Phonological awareness is the understanding that spoken words are made up of different sounds put together.

Some phonological awareness skills are:

  1. Being able to pick out words that rhyme.
  2. Counting the number of syllables in a word.
  3. Determining if words begin/end with the same sound.
  4. Finding sounds that repeat.

Demonstrating phonological awareness skills plays a big part in learning to read for little learners.

 

Phonological Awareness Activities

 

“Clap your hands!” – In this activity, your child will begin to develop the understanding of syllables. Your child will be challenged to put syllables together to make words (blending) and to take syllables apart (segmenting).  

  1. Begin by using your name or familiar words (apple, pizza, playground, etc.) while clapping and counting the number of syllables. Use long and short words so your child can better understand the concept.
  2. Then pronounce your child’s first name syllable by syllable while clapping it out (E-liz-a-beth).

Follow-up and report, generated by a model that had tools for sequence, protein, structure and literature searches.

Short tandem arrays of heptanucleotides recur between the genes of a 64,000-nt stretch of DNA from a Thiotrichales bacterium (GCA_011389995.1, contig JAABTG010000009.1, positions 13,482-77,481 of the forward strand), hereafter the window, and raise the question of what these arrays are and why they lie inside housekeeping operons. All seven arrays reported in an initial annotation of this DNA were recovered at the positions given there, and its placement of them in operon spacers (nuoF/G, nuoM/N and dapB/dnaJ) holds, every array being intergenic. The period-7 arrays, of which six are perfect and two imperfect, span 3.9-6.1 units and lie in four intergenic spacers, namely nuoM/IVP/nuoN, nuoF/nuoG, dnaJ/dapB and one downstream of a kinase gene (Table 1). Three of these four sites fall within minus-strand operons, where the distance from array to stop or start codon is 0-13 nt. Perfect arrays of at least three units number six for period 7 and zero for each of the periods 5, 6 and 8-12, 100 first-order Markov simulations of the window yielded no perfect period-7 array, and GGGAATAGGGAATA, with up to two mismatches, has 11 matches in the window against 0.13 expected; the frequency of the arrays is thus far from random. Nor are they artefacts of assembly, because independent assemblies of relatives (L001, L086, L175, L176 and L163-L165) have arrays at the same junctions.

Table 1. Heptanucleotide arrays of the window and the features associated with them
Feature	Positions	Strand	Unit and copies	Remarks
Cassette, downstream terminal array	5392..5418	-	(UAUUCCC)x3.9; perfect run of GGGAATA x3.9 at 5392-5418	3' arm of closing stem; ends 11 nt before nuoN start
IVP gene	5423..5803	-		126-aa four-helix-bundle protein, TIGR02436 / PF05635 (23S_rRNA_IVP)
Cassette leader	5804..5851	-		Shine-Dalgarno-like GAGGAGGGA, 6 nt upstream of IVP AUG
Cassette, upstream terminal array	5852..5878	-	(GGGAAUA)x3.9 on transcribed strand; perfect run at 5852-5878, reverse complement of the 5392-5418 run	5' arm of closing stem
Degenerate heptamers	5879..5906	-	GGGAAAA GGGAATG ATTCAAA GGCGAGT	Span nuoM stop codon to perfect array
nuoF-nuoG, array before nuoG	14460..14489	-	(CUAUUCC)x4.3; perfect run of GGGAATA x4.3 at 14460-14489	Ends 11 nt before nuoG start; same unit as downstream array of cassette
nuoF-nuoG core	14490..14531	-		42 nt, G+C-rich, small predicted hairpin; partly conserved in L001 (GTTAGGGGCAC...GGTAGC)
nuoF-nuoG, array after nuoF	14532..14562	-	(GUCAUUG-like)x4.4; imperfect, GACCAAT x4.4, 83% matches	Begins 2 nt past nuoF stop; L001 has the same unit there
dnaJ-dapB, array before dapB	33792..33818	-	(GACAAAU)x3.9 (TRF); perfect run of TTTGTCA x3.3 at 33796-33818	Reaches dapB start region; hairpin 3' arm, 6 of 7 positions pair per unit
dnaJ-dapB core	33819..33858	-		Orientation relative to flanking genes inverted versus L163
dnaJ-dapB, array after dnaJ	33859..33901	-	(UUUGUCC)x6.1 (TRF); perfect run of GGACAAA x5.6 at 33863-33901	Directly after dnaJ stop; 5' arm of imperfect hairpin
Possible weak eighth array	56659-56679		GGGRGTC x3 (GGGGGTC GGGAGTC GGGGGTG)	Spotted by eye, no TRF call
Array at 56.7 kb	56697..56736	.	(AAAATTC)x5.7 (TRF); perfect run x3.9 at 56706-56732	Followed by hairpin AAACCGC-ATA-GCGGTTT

3. Have your child to say and clap their name with you and ask “how many syllables did YOU hear?”
  4. Once you have done this several times together, ask your child to say their name (first and last!) syllable by syllable while clapping.
  5. After your child understands this concept, create a list of items around the room/house to find and pronounce syllable by syllable while clapping.

“What comes first?” – In this activity, your child has to pay attention to the initial phoneme (sound) in words and then compare, contrast, and identify initial sounds in a variety of other words.

  1. Gather objects or pictures of items that begin with the same phoneme or sound (ball, banana, book, blue, boat, etc.) and spread them out on the floor or table.
  2. Ask your child to find the objects/pictures that starts with a certain initial sound (in this case, b).
  3. Have your child look at the pictures/objects while you pronounce the word while repeating the initial phoneme, “b-b-b-ball.”
  4. Once your child gets the hang of this activity, you can add pictures/items that start with different sounds and have your child pay attention to the initial sound before picking an item.
  5. With the new sounds, it’s helpful to compare and contrast the sound of one word with another (b-b-b-ball, c-c-c-cat). Ask your child if they are the same or different. This will help your child better understand initial phonemes.
  6. You can also ask your child to identify the initial sound of an object and place it in a pile of objects with the same sound.

By Taylor Villarreal MA, CF-SLP Speech-Language Pathologist